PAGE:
I heard the course was going to be challenging. Hills, road, gravel, out and back: those were the descriptors that my running mates who had raced it before used. They also sighed and, now I know why, they have only raced it once.
Weeks ago, one of my running partners, the lovely Miss Monica, asked me to race the Bench 5K with her. With the PanAm Games in the GTA, a lot of the regular summer races have been cancelled. The Bench, held at the Mike Weir Winery in Beamsville, Ontario, was one of the few left to pick from throughout July and August. While I would have preferred a longer distance to help me in my prep for Chicago, I decided that testing myself with the 5K would be a good idea. Besides, how tough could it really be? I’ve raced tough and hilly courses – well, hilly as far as southern Ontario is concerned – and I can certainly run a 5K. After a winter off running and exercise, I am finally feeling healthy, rested and fit.
At 8:30 this morning, I left the house feeling confident. By 10:00, as we started to warm up, I realized that I was going to be in for a tough day. First, it wasn’t an out and back course; it was two loops. Miss Monica and I jogged it, which started on an uphill for the first 700m, flattened out, dropped gradually and climbed again for the last kilometre. Lucky for us, being a 5K course, we were going to be able to race that loop twice and go around it again for a cool-down.
I started the race well, going through the first kilometre in 4:18 and the second, I believe, in 8:28. Somewhere between those kilometres, I pulled ahead of two other women; every time, I heard them breathing closer to me, I tried to surge a bit ahead. After climbing the hill at the end of the first loop, I felt that I had opened a gap, but I wasn’t really sure how big that gap was. My race fell apart, though, at the end of the second loop. Even though I tried to use the flat and the slight downhill to relax my legs, it wasn’t enough; the last kilometre was a beast. I struggled to get over the final hill and, even though I have raced and trained on much tougher hills, this was one of the toughest finishes I have had.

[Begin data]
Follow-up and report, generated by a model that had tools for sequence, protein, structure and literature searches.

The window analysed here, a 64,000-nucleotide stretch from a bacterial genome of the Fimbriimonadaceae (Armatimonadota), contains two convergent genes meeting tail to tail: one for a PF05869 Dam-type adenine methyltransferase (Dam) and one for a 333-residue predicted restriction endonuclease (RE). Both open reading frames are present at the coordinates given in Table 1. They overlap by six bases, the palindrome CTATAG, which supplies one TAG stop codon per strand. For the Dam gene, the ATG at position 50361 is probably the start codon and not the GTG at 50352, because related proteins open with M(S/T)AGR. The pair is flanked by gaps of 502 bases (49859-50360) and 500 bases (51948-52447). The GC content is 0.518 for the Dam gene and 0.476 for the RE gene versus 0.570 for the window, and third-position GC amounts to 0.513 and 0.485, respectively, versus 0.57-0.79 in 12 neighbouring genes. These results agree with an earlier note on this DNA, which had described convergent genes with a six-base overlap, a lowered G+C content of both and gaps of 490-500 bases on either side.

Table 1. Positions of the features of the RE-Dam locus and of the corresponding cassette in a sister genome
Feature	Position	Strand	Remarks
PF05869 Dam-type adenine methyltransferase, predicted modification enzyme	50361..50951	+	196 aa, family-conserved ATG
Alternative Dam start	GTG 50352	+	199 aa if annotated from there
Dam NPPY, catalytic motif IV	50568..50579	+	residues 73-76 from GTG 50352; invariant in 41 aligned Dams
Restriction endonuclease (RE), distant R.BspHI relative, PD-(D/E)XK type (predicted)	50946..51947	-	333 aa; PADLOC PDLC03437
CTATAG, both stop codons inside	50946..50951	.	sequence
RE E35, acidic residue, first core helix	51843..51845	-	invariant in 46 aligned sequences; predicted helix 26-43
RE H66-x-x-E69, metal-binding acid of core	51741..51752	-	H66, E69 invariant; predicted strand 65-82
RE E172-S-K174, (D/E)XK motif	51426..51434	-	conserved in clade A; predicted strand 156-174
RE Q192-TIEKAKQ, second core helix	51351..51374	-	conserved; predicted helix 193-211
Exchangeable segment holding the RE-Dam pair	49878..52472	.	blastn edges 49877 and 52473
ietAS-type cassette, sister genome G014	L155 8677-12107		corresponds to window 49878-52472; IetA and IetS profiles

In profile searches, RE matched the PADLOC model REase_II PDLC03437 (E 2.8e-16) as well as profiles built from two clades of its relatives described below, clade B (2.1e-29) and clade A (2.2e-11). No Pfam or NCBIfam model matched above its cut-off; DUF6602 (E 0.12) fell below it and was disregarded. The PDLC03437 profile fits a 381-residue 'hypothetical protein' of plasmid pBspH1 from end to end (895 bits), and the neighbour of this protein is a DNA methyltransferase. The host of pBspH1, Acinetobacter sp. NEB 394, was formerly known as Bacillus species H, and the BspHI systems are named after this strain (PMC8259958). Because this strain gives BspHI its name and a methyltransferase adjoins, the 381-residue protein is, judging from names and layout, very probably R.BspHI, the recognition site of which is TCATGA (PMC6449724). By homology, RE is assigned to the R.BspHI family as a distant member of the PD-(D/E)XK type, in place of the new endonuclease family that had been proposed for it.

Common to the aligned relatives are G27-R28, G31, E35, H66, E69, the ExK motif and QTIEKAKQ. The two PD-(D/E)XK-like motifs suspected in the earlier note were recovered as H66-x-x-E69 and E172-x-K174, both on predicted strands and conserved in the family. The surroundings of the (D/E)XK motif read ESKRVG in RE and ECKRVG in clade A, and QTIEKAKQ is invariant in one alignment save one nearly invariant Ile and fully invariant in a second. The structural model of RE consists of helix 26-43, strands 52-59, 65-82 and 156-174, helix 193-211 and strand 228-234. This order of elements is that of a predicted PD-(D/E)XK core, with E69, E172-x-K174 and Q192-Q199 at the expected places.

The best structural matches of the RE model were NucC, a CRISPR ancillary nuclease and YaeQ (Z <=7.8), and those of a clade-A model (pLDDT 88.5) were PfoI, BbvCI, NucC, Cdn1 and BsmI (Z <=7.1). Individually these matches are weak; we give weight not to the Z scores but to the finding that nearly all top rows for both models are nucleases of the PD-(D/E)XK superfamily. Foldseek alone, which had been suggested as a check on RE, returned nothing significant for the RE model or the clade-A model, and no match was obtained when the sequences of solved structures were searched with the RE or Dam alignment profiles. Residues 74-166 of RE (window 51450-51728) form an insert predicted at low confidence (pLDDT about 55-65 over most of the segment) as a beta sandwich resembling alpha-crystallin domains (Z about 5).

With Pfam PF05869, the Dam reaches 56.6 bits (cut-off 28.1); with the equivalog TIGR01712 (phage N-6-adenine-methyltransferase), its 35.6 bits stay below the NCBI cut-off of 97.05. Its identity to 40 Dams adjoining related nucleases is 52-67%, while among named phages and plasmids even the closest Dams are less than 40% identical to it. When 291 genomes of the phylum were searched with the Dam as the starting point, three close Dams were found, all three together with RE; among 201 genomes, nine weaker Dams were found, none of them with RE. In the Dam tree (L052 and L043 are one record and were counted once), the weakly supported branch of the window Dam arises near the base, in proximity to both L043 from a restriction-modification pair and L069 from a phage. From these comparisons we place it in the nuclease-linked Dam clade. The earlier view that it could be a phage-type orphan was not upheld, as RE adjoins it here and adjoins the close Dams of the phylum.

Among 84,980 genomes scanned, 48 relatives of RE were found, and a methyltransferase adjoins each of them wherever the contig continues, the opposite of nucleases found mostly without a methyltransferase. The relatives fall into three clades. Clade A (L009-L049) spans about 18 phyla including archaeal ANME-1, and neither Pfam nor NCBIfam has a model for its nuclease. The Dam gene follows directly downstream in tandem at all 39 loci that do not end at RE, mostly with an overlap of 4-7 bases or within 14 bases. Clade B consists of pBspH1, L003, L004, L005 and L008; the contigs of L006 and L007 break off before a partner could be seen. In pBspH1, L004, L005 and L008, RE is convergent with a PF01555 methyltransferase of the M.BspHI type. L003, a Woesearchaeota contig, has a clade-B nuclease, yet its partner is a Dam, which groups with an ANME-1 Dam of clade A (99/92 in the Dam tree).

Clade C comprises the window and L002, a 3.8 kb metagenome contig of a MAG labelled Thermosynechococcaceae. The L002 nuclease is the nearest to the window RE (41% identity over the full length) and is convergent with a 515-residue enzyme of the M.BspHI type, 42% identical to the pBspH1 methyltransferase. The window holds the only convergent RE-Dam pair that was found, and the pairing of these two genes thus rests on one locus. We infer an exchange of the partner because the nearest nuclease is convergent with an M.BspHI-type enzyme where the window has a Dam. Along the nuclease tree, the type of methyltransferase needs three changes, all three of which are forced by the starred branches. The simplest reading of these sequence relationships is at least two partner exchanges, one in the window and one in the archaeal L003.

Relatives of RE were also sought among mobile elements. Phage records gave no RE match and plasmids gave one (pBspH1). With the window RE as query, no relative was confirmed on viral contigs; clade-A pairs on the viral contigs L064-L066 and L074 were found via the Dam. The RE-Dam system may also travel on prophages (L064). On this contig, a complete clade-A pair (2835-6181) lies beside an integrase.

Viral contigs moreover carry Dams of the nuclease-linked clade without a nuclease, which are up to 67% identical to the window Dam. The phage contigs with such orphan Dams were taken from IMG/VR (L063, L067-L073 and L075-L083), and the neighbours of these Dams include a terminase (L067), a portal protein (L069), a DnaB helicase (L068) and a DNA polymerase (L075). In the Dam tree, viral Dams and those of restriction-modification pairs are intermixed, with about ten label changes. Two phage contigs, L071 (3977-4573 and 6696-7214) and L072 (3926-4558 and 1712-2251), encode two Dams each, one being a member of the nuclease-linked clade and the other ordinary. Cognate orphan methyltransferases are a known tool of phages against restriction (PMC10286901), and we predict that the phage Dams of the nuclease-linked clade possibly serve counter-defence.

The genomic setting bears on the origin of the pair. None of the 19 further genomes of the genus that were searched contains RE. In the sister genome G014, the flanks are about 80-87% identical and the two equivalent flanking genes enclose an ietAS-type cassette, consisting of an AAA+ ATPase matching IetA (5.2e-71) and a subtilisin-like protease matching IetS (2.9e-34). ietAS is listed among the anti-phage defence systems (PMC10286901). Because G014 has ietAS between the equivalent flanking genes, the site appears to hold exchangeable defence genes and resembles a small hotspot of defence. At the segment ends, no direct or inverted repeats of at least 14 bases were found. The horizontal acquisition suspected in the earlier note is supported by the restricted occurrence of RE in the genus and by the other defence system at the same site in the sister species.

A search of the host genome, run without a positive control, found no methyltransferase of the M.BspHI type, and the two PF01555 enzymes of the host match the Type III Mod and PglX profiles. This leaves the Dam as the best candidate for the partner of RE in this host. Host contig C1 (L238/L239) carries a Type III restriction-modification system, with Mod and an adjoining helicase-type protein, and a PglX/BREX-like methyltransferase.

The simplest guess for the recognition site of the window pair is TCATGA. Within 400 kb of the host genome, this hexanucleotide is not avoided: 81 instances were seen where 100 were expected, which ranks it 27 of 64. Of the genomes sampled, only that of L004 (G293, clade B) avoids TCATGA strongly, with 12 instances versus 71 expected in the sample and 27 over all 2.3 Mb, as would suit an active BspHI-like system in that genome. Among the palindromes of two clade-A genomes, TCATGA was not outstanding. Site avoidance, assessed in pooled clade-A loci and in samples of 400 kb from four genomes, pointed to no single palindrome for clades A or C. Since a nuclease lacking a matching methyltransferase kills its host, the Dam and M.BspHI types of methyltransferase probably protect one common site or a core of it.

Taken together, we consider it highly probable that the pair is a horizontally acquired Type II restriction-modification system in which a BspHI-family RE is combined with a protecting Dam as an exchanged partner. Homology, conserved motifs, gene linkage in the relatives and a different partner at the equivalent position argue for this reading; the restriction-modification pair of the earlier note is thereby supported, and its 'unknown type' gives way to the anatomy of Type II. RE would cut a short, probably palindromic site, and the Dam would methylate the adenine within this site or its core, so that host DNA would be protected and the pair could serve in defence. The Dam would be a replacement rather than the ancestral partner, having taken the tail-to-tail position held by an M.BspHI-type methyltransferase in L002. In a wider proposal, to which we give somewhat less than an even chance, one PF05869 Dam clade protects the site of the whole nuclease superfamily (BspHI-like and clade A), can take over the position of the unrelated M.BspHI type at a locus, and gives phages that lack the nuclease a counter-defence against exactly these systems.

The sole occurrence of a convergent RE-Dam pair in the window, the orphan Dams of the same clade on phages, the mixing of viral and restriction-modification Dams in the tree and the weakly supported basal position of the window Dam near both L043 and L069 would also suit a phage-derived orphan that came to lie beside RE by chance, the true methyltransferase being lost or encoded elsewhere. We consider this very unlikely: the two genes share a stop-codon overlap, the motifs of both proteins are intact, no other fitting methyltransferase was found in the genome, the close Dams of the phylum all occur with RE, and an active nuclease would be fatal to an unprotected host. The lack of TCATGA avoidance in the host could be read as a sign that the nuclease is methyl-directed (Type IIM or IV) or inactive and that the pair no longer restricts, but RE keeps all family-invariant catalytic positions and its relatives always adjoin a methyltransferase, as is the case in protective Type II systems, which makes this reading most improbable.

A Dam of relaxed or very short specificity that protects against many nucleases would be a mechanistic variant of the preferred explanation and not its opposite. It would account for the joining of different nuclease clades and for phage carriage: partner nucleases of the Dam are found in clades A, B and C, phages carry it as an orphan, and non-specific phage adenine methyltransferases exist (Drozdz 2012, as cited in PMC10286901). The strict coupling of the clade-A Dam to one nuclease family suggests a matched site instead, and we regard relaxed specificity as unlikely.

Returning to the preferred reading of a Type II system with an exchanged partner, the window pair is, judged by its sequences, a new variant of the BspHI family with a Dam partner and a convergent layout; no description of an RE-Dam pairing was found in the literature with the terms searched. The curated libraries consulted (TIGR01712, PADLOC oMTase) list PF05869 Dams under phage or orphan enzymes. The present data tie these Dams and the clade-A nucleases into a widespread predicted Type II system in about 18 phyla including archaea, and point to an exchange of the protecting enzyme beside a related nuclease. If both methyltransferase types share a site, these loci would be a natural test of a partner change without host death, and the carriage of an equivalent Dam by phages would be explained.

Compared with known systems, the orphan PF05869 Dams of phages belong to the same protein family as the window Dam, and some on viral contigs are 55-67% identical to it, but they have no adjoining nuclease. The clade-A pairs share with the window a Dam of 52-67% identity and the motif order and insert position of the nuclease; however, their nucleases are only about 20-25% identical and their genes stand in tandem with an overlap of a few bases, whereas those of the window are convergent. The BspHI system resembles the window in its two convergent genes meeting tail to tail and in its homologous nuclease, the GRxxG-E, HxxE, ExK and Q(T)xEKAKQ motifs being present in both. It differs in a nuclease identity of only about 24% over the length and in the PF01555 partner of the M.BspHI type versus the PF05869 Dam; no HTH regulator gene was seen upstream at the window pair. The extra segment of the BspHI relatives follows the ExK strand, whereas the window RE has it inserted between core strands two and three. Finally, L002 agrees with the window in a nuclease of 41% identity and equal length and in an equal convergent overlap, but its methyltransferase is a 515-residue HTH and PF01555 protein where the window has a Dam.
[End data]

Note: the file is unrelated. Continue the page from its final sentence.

Cooling down with a lap around the course and a few extra kilometres gave me time to reflect on why the course seemed so difficult. I found out later that all times were slow; ladies who finished ahead of me were 1.5 to 2 minutes slower than usual; my time was about a minute slower so I felt positive about that. By late afternoon, after I got home feeling exhausted, needed a nap and lots and lots of liquid, I realized that it was the heat, not the hills, that did me in. We had started at 10:30 when the sun was already up, humidity was high and there was no shade. Summer racing is tough.
I wanted a challenging course and I got it. But I walked away with a few other perks. Monica finished third overall and I finished 7th (in 22:37), but being 51, I was earned the top master prize: a running hat and a bottle of Mike Weir’s wine.
The best part of the day, though, came from the medal they gave me. As we were leaving the winery, a younger lady asked me if everyone got medals. “No,” I replied, “Only the award winners.”
As she walked away, I looked at Monica and said, “Ah, she wanted a medal. I’m going to give her mine. I don’t need it.” I walked back to her. “Here, you can have my medal if you want.” She looked surprised. “Really, it’s fine with me. If you want a medal, you can have mine.”
To that, she took it and said, “Thank you. I don’t want it but it’s his (pointing to whom I assume is her boyfriend) first race and I wanted him to get a medal for it.” While walking away to catch up with Monica, I turned around and saw him smiling, proudly wearing a “gold” medal around his neck.
He earned that medal. In the same way that we often praise the faster runners for their times, we have to remember that the new runners, the slower runners and the back of the packers are working just as hard. It’s all relative. For experienced runners or those new to the racing scene, the Beamsville Bench 5K is a tough course. Anyone who finished it is a winner.